most if not all African Countries are Member States, has as an enforcement effort to recognition of
biosafety and biosecurity provided a common framework for all member states around the globe through
the International Health Regulations.
The countries, specifically in Africa, face not only the human and financial capacity challenges but also
the infrastructure that promote the harmonised and biorisk-aware cross border interactions.
IHR 2005 (Article 44) requires Member State collaboration to provide technical cooperation as well as
financial and logistical support particularly in the development, strengthening and maintenance of public
health capacity. Of the eight core capacities that the state parties are encouraged to develop in order
to be compliant to IHR includes laboratory capacity and biosafety and biosecurity. This session aims to
highlight the key elements of the requirements of the Laboratory capacity and will discuss gaps, needs
and plans to develop this capacity. This presentation will highlight the efforts engaged and challenge
encountered by most African countries and development partners in implementation of the IHR
particularly the laboratory biosafety and biosecurity.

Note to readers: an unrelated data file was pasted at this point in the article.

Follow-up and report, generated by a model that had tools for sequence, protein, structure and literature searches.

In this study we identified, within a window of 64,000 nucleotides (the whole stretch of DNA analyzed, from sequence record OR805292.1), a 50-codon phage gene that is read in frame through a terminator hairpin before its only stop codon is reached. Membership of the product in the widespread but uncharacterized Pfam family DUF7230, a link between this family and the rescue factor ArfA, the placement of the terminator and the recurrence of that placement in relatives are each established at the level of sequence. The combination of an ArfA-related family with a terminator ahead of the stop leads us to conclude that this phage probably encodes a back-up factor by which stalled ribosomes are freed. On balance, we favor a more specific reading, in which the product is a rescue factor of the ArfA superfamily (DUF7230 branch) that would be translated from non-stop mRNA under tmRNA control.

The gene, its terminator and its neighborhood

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Arunmozhi Balajee, Centers for Disease Control and Prevention, Atlanta
Convener: Arunmozhi Balajee is a graduate of the University of Madras (India)
and completed her postdoctoral training in laboratory at the Fred Hutchinson
Cancer Research Center, Seattle, US. Currently she acts as the Associate Director
for Laboratory Programs in the Division of the Global Diseases Detection and
Emergency Response, Center for Global Health. In this role she coordinates
laboratory capacity building efforts internationally for implementing the surveillance
and response activities of WHO IHR 2005. Additionally, Dr. Balajee also provides
technical assistance or laboratory capacity building in Haiti
Lucille Blumberg, National Institute for Communicable Diseases, South Africa
Speaker 1: Lucille Blumberg is a deputy director at the National Institute for
Communicable Diseases ( NICD), a branch of the National Health Laboratory Service,